– HellSaint
    Jun 23, 2020 at 6:00

Tracy Hickman, in the forward to CoS, says that "the vampire genre has taken a turn from its roots in recent years. The vampire we so often see today exemplifies the polar opposite of the original archetype: the lie that it's okay to enter into a romance with an abusive monster because if you love it enough, it will change...[Our hope in CoS is to] bring the message of the vampire folktale back to its original cautionary roots."

The "Lunch Break Heroes" video series goes into more detail on one way to run Strahd - as an emotionally abusive lover who systematically destroys Ireena's support network until she has no choice but to depend on him.

These are dark, adult, psychological themes here - and CoS is built to showcase them. It is still D&D, and the characters can still "win" and "beat the module" - but they should have a lot of losses along the way, and should see plenty of unpreventable death and suffering before they get there. Not every encounter is "winnable" in the sense of them feeling like heroes. In fact, most encounters should end up as compromises - victory means staying alive and slowly gathering resources and power for the ultimate confrontation with Strahd, but along the way they should experience plenty of tragedy.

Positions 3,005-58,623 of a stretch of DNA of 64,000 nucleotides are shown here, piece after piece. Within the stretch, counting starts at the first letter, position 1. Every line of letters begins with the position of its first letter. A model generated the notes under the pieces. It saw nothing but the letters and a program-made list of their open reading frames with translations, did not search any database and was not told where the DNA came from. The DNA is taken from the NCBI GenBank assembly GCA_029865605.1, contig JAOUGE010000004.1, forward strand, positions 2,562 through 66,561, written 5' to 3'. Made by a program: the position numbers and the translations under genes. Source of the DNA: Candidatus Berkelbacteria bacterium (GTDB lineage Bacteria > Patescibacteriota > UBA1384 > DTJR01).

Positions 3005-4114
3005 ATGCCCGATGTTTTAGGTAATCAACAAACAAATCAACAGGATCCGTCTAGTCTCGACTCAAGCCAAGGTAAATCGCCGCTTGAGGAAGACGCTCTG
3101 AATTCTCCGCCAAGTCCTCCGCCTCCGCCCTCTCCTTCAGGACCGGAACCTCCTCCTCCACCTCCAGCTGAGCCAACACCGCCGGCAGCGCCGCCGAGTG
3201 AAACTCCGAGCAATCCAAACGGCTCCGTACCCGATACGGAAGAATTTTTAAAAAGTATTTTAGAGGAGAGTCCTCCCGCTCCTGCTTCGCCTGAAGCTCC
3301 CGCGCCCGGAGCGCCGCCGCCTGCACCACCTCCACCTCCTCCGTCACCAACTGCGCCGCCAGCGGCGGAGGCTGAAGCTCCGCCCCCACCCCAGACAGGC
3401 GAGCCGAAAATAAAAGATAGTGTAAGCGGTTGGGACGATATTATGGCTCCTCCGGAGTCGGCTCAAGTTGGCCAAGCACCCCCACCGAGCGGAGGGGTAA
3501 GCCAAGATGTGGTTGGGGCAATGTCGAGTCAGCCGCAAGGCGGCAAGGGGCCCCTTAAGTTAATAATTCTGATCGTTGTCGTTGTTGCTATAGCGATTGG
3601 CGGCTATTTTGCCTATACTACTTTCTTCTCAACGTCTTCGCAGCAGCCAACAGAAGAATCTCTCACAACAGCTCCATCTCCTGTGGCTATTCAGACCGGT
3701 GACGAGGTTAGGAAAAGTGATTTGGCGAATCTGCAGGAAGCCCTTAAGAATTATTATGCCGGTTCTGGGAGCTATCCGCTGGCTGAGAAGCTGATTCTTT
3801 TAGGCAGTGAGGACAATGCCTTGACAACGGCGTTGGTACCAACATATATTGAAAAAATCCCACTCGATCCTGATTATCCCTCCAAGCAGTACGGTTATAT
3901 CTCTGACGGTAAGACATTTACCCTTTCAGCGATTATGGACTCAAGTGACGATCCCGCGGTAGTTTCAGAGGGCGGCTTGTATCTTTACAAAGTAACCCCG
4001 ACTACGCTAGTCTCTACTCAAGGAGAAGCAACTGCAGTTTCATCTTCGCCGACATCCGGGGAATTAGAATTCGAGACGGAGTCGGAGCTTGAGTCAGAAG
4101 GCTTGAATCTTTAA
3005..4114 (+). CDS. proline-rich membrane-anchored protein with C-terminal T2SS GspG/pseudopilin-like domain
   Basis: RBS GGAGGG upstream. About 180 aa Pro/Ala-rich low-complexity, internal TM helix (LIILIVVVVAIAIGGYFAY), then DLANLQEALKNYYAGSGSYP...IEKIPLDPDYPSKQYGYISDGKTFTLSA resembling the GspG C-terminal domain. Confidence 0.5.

So, I would suggest that the level indicators for the Chapters are not the levels at which the party can "win". Rather, they are indicators of the level at which the party can reasonably appreciate that they can't win. Or the level at which they can decide what they might be able to salvage from a bad situation. They are the minimum appropriate level for the party to experience the horror, dread and their overall helplessness to do anything about the pervading evil of the land. Or, to rally and decide that whatever they can do, whatever small victory they can achieve, is enough for now, will have to be enough. At any lower level then this, an encounter in the area will be over too quickly - they will simply lose without time to appreciate their helplessness, and the feeling will be one of frustration and disappointment rather than dread.

For example, at level 4 in Vallaki,

The characters might be able to recover the bones of St. Andral if they carefully visit the coffin-maker's shop in the day, but they have no hope of defeating six vampire spawn in combat, whether in day or night.

Likewise, they can probably

throw the fate of Vallaki into Lady Wachter's hands by killing Izek, or ensure that the Baron stays in charge by recovering the bones and doing nothing against him. But either outcome means that a tyrant remains in control and that the people of the town continue to suffer.